Journal of Food Measurement and Characterization

, Volume 13, Issue 3, pp 2389–2397 | Cite as

Quality assessment of Indian rice varieties, evaluation of its relationship with their Glycemic index

  • Pooja Dutt
  • Mojeer Hasan
  • Mohammad Shaququzzaman
  • Bibhu Prasad PandaEmail author
Original Paper


The preference for a particular rice quality trait varies regionally, with the shift of choice towards better quality varieties. The qualitative properties namely amylose content, gelatinization temperature, hardness and Glycaemic Index (GI) were studied. Eight rice varieties (Basmati, Non-Basmati, Parboiled) 1121 Mini Sella Mogra (1121 MSM), Mini Sella Mogra (MSM), Noorjahan Basmati (NB), White Sella Dubar (WSD), Golden Sella (GS), Parmal Sella (PSe), Parmal Silky (PSi), Hari Bhari Parmal Sella (HBPS) were selected. Amylose content were highest in WSD (41 ± 0.05%) and PSe (40.99 ± 0.02%). Onset temperature during gelatinization was high in NB (98.28 ± 0.28 °C) and PSe (95.54 ± 0.47 °C). PSe showed the highest positive cycle peak in texture profile analysis (hardness 3900 ± 41 g) while least in PSi (1300.09 ± 0.64 g). GI was lowest of WSD and PSe (GI ~ 41). A positive correlation was found between amylose content, hardness and gelatinization temperature, which inversely related to GI. Principal Composition Analysis (PCA) has generated PC1 (55.68%) and PC2 (26.26%), the two principal components describing total 82.12% of data distribution. The Agglomerative hierarchical clustering divided all the samples into three clusters (C1–C3), based on percentage contribution. PSe was found to be best with high amylose percentage (40.99 ± 0.02%), high onset gelatinization temperature (95.54 ± 0.47 °C), maximum hardness (3900 ± 41 g) and low GI (GI ~ 41).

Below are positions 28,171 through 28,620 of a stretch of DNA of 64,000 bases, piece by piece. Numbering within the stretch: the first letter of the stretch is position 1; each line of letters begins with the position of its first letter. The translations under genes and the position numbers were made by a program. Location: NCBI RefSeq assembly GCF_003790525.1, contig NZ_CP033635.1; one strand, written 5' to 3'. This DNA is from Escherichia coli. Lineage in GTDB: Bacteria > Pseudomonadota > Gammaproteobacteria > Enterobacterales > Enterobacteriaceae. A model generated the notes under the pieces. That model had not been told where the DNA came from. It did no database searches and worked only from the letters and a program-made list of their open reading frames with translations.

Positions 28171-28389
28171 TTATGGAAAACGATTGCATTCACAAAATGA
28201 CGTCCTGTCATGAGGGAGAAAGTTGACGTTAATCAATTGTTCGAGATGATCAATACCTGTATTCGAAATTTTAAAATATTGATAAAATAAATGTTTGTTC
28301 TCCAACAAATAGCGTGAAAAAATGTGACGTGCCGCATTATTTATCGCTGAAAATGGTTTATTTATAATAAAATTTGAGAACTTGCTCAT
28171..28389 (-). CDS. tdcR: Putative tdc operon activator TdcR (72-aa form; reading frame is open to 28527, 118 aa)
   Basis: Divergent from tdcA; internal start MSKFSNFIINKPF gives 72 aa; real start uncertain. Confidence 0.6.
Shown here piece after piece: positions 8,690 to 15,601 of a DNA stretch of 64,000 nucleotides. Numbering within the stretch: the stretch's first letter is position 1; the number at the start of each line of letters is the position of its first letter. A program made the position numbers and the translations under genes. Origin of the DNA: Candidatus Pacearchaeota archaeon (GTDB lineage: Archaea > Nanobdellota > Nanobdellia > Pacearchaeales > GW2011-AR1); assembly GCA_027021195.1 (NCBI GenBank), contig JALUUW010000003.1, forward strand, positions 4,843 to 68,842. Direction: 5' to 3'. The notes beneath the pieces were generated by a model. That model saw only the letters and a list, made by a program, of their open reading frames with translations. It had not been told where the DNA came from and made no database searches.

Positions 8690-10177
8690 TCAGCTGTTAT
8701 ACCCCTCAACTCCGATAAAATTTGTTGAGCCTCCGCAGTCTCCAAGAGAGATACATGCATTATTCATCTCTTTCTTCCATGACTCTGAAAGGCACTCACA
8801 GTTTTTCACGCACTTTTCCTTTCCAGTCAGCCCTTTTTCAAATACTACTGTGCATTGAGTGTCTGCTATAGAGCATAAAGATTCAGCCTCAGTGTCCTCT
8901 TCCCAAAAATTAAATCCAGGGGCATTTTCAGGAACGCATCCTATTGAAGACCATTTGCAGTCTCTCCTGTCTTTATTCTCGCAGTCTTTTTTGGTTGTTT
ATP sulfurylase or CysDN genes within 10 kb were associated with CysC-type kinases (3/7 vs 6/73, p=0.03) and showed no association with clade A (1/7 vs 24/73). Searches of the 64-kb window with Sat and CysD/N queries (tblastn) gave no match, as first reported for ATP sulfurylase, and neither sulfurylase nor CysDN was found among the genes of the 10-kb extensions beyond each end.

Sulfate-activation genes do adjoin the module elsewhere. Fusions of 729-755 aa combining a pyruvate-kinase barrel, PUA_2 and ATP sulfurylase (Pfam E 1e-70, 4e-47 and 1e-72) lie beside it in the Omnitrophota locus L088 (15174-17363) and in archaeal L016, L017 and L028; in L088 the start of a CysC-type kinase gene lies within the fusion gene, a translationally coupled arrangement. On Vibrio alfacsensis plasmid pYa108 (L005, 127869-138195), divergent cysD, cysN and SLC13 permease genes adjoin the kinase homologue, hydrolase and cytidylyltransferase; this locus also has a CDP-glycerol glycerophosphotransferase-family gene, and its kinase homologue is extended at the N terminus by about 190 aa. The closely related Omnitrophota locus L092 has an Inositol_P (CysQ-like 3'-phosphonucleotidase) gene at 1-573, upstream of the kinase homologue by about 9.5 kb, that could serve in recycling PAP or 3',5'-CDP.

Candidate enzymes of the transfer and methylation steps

Rice Glycemic index Amylose Gelatinization Texture profile Principal composition analysis 



The authors wish to thank University Grants Commission, Department of Science & Technology, Government of India, for grant of fellowship and Infrastructural grant under FIST & PURSE scheme.

Compliance with ethical standards

Conflict of interest

The author declares no conflicts of interest.

Ethical approval

Human and animal testing is not applicable in our study.

Supplementary material

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Supplementary file5 (TIFF 606 kb)


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Copyright information

© Springer Science+Business Media, LLC, part of Springer Nature 2019

Authors and Affiliations

  • Pooja Dutt
    • 1
  • Mojeer Hasan
    • 1
  • Mohammad Shaququzzaman
    • 2
  • Bibhu Prasad Panda
    • 1
    Email author
  1. 1.Microbial and Pharmaceutical Biotechnology Laboratory, Centre for Advanced Research and Pharmaceutical Sciences, School of Pharmaceutical Education and ResearchJamia HamdardNew DelhiIndia
  2. 2.Department of Pharmaceutical Chemistry, School of Pharmaceutical Education and ResearchJamia HamdardNew DelhiIndia

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